Migration Helps Fuel East Coast Construction Activity

Migration Helps Fuel East Coast Construction Activity

Interstate migration to Queensland and Victoria is increasing with house price differentials and jobs growth the key drivers of Australia’s east coast construction and development activity.

Interstate migration however, according to Turner & Townsend, was outpaced by net overseas migration as a driver of population growth in each state leading to an increased demand for the construction of housing, schools, hospitals, shopping centres, transport and infrastructure.

Significant population growth caused BIS Oxford Economics to revise its earlier prediction of an oversupply in Melbourne — indicating that the census figures showing a population growth of 109,000 more people than expected meant the city would now likely experience an undersupply.

The ABS March 2017 quarter figures revealed a decade high of 86,595 net overseas migrants, pushing the total for the year to 231,890 which accounted for 59.6 per cent of Australia’s population growth.

Interstate migration and natural growth saw Victoria rise in overall population by 138,559 in the year to March 2017. Compared to Sydney’s 120,685, Victoria is Australia’s fastest growing state.

Queensland was some way behind with 74,462 net population increase, and only 27,521 net overseas migrants.

“Median house prices in Brisbane are at $515,000 which is half those of Sydney reaching $1,020,000,” Turner & Townsend senior economist Gary Emmet said.

“Relocating to Queensland is seen as very attractive, especially for baby boomers close to retirement and young families priced out of the Sydney housing market.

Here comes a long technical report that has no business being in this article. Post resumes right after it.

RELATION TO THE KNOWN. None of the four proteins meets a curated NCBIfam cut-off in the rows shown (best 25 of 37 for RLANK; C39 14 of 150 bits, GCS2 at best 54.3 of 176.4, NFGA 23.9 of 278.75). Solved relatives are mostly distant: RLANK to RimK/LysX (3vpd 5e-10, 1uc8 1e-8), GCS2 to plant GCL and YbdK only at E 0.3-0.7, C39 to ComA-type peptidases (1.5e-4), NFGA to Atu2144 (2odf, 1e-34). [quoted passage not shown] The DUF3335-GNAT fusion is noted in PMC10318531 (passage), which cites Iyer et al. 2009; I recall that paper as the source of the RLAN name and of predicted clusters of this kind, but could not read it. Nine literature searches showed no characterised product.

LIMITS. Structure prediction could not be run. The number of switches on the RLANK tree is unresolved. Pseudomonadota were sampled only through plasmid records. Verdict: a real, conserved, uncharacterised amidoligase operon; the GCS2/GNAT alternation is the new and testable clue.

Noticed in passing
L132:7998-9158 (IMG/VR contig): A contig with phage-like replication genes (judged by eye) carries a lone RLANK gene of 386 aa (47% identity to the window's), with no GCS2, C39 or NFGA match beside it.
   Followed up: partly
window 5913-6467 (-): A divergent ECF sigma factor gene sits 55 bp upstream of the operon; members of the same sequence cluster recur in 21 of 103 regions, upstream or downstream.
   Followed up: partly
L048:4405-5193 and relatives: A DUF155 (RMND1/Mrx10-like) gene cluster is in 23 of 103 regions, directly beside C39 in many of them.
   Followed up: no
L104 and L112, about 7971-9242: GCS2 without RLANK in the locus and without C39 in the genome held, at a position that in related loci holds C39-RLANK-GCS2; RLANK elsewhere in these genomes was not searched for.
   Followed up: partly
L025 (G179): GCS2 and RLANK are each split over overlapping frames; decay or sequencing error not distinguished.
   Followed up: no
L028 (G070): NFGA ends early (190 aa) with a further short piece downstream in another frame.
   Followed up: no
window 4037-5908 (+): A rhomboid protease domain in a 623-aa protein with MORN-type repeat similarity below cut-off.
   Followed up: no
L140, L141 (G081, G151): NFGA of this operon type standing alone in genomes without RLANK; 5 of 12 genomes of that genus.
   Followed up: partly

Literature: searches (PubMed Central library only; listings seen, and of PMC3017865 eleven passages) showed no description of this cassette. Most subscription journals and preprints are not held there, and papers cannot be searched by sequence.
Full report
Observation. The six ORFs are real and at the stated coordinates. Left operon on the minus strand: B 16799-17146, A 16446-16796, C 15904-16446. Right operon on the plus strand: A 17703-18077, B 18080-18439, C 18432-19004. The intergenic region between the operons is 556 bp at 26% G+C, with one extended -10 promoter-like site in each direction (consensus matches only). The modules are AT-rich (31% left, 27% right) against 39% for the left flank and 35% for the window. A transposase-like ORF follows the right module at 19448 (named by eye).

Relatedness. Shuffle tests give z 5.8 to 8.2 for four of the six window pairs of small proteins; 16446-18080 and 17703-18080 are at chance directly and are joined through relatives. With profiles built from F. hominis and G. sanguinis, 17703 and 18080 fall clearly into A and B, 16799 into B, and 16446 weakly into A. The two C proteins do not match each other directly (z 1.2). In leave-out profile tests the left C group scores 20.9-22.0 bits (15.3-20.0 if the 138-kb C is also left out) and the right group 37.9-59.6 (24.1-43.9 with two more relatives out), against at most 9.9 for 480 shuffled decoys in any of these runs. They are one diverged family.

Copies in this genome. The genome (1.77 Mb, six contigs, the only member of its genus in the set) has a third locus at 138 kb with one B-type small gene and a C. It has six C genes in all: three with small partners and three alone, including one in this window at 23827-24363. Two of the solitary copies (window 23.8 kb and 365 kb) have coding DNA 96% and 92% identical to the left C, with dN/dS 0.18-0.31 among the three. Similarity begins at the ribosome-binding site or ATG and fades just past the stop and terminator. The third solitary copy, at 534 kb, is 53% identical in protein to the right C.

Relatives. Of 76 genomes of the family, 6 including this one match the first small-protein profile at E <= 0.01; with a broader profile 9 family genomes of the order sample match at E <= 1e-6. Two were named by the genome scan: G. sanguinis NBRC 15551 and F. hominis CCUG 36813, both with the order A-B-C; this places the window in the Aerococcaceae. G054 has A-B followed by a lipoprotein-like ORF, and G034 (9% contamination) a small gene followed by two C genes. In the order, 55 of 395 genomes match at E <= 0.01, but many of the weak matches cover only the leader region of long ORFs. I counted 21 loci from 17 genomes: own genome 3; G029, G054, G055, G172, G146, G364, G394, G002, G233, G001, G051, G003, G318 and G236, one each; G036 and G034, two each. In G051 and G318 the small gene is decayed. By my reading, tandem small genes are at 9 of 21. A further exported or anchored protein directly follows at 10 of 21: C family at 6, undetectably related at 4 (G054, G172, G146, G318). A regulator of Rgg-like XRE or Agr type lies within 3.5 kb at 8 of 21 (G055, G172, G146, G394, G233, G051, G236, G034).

“There were net 15,716 movers in the last 12 months according to the Australian Bureau of Statistics. Victoria saw even more interstate movers recording 18,557.

“Queensland gained net 10,122 migrants from New South Wales, whereas Victoria received net 6,715 migrants from New South Wales,” he said.

“Median house prices in Victoria are averaging $713,000, hence there is less to be gained by moving from Sydney. However, jobs growth is driving Victoria’s higher interstate migration numbers. Victoria has added 301,000 jobs since 2010, the highest of any Australian state.

“Of these 128,200 jobs were added in the year to August 2016, followed by another 95,200 in the year to August 2017. Despite higher house prices in Victoria compared to Queensland, the net interstate migration figures are being boosted by migrants from Western Australia and South Australia, attracted by job opportunities,” Emmett said.

In the last decade, Queensland was the jobs leader in Australia adding 645,000 jobs, higher than both New South Wales and Victoria. Annual growth averaged eight per cent between 2002 -2007.

If jobs growth continues, there is a chance we may see interstate migration keep increasing,” Emmett said.

For some prospective migrants, the house price differential is persuasive. For others, the strong economy and job opportunities in Sydney will outweigh the high cost of housing.”

If jobs growth in Queensland slows again, the anticipated surge in interstate migration may be less than hoped.

The Queensland construction sector, with its oversupply of inner city Brisbane apartments, would welcome an increase in both interstate and overseas migrants.

“However, as population growth in Victoria and Sydney remains at record levels, pent up demand for construction looks set to grow fastest in these locations.”

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